Thursday, March 15, 2012

"An Unusual Dentist"

“Teeth, teeth, teeth, teeth,

Teeth, teeth, teeth.

The bottom of the sea

Is covered with teeth.”

Do you see how many times I repeated the word, “teeth”? Seven times. You’re a writer. So you know that’s exactly the right number of times to repeat it.

“Teeth, teeth, teeth, teeth

Teeth, teeth, teeth.

The bottom of the sea

Is covered with teeth.”

You repeat it seven times. Nine times is too many. Five times is not enough.

This was my introduction to my first dentist when I moved to Los Angeles, Dr. Sydney Garfield, recommended by Lorne Michaels (who had arrived in L.A. a year earlier) which he supplemented with the credit – not a professional credit, of course; this was Hollywood – “He does Jack Nicholson’s teeth.”

Jack Nicholson’s teeth looked all right. So I went.

Before moving on, three things are worth mentioning about the above-quoted poem: One, Dr. Garfield had written it himself, including it in his book, entitled, not surprisingly, Teeth Teeth Teeth. (He had quoted it to me to demonstrate the timeless indestructibility of teeth, the bottom of the sea being covered with them.) Two, he believed he was a writer – hence, the certainty concerning the seven-time repetition of the word “teeth.” And three, while he was quoting the poem, he was simultaneously scraping plaque off my teeth, having previously anaesthetized me with Nitrous Oxide, also known as “Laughing Gas.”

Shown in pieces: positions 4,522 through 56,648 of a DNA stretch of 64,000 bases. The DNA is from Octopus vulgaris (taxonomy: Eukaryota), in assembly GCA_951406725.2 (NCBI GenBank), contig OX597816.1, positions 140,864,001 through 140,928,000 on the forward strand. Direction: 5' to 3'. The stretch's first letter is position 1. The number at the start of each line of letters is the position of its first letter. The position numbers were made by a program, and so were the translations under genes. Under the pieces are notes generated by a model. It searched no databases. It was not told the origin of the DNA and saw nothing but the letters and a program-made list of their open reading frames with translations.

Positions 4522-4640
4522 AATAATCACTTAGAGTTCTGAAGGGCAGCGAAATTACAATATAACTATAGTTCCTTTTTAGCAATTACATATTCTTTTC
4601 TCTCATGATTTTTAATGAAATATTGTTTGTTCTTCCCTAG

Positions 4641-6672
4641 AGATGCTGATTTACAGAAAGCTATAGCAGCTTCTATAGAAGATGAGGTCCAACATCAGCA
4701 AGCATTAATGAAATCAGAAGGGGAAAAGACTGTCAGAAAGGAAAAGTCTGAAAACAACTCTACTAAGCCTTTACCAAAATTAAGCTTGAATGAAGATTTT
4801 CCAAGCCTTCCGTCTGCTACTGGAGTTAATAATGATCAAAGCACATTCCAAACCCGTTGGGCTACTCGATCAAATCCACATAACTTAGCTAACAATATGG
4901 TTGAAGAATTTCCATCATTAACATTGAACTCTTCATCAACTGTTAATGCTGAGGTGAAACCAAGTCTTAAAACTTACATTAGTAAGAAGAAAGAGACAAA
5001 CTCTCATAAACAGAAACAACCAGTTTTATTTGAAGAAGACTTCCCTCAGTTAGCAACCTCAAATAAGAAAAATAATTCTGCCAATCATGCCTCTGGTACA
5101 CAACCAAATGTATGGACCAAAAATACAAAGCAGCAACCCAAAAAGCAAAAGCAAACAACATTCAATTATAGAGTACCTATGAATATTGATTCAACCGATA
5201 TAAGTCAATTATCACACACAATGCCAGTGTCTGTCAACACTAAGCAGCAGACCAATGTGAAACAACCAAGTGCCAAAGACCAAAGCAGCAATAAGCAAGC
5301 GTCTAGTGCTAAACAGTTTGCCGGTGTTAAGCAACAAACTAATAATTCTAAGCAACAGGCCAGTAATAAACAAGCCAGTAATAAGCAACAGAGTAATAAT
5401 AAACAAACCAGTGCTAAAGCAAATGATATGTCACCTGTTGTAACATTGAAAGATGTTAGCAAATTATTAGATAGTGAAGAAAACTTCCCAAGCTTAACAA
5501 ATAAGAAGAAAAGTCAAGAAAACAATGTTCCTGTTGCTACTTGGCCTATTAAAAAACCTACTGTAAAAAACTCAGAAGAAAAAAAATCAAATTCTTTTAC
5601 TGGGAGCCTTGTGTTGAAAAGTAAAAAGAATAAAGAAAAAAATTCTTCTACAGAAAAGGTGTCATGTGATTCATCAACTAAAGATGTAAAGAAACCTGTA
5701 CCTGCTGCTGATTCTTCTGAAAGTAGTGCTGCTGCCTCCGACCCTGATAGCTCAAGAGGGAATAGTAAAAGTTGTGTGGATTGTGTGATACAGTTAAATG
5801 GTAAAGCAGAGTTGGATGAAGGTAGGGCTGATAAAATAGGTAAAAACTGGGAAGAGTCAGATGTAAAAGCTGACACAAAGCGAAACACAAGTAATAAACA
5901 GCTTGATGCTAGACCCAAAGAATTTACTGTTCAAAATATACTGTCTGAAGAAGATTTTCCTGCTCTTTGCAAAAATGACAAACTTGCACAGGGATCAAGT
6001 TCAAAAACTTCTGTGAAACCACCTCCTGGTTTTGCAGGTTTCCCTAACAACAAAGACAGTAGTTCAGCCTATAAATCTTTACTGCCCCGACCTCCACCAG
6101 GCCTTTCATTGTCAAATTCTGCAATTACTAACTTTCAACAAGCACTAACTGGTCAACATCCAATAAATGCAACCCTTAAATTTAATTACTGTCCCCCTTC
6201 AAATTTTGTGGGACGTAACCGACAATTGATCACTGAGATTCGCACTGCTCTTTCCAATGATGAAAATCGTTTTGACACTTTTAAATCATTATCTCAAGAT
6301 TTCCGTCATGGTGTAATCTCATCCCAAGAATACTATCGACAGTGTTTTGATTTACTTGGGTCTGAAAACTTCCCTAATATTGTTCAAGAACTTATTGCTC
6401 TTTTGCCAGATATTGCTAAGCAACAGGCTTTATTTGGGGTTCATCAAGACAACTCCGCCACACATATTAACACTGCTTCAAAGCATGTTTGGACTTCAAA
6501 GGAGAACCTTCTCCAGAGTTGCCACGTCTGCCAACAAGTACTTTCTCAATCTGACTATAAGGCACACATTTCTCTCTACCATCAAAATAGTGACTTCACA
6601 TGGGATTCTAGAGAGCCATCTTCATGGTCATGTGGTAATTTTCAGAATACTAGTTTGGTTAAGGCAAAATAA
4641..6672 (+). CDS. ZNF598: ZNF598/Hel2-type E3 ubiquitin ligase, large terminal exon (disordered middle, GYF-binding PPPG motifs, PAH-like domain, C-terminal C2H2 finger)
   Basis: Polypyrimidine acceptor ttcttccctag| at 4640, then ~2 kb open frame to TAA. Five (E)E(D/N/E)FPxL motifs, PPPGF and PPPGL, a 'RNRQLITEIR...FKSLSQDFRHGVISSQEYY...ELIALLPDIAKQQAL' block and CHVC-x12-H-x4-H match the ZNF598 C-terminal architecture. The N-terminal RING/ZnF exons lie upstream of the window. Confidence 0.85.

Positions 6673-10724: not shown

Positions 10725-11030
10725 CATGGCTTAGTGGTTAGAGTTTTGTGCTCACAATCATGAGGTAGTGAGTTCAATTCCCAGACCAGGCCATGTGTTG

Needless to say, I thoroughly enjoyed the poem.

Dr. Garfield’s Beverly Hills office was unique in my dental-office-visiting experience. The walls (and ceiling) were plastered with sketches, paintings and murals, all of them painted directly onto the walls (and ceiling.)

Imagine a person, totally tattooed from head to toe. This was that tattooed person, as an office. There were also assorted sculptures, which, if not executed by the same artists, seemed products of the same artistic school – The School Of People Making Wacko Art And Paying For Their Dental Work With It.

For most of the years that I went to him, Dr. Garfield worked entirely alone. No receptionist. No dental hygienist. No partner. In fact, thinking back, I also do not recall any other patients going out or waiting to see him. I’d come in, and it was just Sydney, me, and the artwork.

Physically, Sydney Garfield is hard to describe, partly because I’m not a great describer, and partly because he did not look like anybody I had ever seen before. His face had a polished, waxy quality, as if recently buffed at a nearby carwash. His hair was shiny, jet black and surreal. It wasn’t a toupee, I don’t think, though by contrast, it gave toupees a comparative credibility. These slightly “off” characteristics made me think that if those parts were less than authentic, which parts of him could I actually rely on?

His age? Elusively indeterminate. He told me that, prior to becoming a dentist, he had been an aeronautical engineer, working on the design of Howard Hughes’s The Spruce Goose. The Spruce Goose had been built in the 40’s. So he was at least twenty-five years older than World War II.

Equally elusive was his career track. He started out as an engineer, he gave it up for dentistry, and when I met him, he was determined to switch his line of work once again. This time, to screenwriter.